Time For New Rules
Trying to fit everything into a discussion about Moore’s Law is getting ridiculous.
Is Moore’s Law dead? Brigadier General Paul Fredenburgh, commandant of the Dwight D. Eisenhower School for National Security and Resource Strategy, asked that question to four industry CEOs last week while visiting Silicon Valley with some of his students. He received four highly nuanced, if not different, answers.
Left to right: Lip-Bu Tan, Cadence; Wally Rhines, Mentor Graphics; Simon Segars, ARM; Aart de Geus, Synopsys. Photo courtesy of ESD Alliance.
From one perspective or another, all of the CEOs were all correct. It’s taking longer to move from one process node to the next, but there is significantly more compute power being offered at each new node. While that isn’t technically a doubling of transistors every two years or so, performance continues to increase an average of 30% every couple of years, either through architectural changes, new materials or different packaging approaches.
Moreover, there is no end in sight to how long this will continue. 2.5D, fan-out wafer-level packaging and full 3D will radically improve performance and lower power. While it’s not clear the price per transistor will decrease every couple years, there definitely will be economies of scale as these new approaches see more mainstream applications.
What is becoming obvious, though, is that Moore’s Law as it was originally written is getting tougher to follow. There are several reasons for this:
- Quality is becoming a bigger issue as semiconductors begin making inroads in safety-critical and industrial markets, including autonomous vehicles, robotics and personalized medicine. In the past, systems companies figured that if they had a problem, they could fix it in the next rev of a chip and it wouldn’t persist beyond the next node. That works for consumer electronics or mobile devices, but chips used in safety-critical and industrial markets are expected to last a decade or more. Quality takes on a whole new meaning in those markets. It requires simulation models for how devices will perform over time (reliability), a combination of predictive analytics and post-production data mining to determine what errors slipped through and how that happened. It also requires much more extensive testing than what has been done in the past.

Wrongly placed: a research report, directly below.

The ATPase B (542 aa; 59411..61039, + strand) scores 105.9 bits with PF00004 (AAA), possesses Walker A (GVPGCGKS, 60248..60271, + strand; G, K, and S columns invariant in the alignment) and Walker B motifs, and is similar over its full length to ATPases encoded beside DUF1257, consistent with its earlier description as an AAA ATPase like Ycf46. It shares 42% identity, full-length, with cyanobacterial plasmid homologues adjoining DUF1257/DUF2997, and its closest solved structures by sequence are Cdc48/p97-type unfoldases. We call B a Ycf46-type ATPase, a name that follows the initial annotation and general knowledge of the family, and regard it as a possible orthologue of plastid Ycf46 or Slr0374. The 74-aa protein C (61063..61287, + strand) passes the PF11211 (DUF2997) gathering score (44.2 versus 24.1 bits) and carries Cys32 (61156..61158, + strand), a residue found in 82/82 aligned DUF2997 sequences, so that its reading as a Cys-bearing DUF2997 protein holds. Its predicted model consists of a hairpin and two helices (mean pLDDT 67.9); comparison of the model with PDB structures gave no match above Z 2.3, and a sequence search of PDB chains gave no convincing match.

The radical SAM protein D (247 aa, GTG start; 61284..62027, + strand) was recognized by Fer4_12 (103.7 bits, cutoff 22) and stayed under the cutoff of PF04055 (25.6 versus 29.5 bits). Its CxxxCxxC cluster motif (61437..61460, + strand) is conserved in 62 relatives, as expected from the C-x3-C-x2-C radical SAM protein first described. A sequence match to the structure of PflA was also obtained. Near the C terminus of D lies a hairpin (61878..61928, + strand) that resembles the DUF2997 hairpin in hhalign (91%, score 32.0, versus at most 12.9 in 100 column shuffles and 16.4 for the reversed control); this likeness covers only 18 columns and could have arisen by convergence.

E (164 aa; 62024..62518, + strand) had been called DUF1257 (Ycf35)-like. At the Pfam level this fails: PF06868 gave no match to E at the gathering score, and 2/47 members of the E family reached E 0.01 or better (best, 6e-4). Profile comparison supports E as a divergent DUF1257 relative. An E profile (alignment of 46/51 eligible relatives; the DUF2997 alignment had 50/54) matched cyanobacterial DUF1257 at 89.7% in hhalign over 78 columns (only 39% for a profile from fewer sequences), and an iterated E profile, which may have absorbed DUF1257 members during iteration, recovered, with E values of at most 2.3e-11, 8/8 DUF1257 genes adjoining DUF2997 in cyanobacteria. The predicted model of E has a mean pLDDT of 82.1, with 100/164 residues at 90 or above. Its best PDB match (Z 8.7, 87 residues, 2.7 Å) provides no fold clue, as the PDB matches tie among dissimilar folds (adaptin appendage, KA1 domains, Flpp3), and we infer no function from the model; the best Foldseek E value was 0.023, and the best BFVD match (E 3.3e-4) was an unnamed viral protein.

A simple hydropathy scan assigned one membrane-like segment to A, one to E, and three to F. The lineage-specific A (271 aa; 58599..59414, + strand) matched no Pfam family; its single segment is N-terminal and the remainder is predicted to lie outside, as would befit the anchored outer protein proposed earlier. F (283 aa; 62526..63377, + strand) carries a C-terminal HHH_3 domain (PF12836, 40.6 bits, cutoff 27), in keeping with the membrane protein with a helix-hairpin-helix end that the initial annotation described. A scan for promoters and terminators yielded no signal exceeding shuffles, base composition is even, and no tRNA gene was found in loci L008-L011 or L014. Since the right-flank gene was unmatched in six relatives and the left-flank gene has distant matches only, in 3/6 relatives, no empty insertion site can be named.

- Market demand for moving to the next process node will continue, but the number of high-volume markets is shrinking. Companies such as Samsung, Intel and Xilinx all need increased transistor density. But for other companies, density isn’t the only way to solve their power/performance/cost issues. In fact, shrinking features is no guarantee of increased performance in the context of increasing RC delay, growing contention for memory and I/O resources, thermal dissipation, and a host of other factors that begin showing up at the most advanced nodes.
- Despite the fact that EUV is moving forward after years of delays, the big challenge with advanced nodes is time. EUV will help. But that’s only one piece of the puzzle. It takes longer to design chips at advanced nodes because design teams now have to worry about power and throughput, and it takes far longer to verify designs because they have more power domains, signal integrity issues, and more functionality to take into account. It also takes more time to integrate IP from a variety of sources, to create photomasks, to complete various manufacturing steps such as deposition and etch, and ultimately to test these chips.
While Moore’s Law is continuing in one way, it also has ended in another. And while collectively this is referred to as Moore’s Law, it bears only glimmers of resemblance to the observation first penned by Gordon Moore. In fact, it it’s time for the semiconductor industry to come up with a new term. A group of determined engineers can make any shape peg to fit in any shape hole with maximum efficiency, but it gets harder when the shapes are changing on both sides.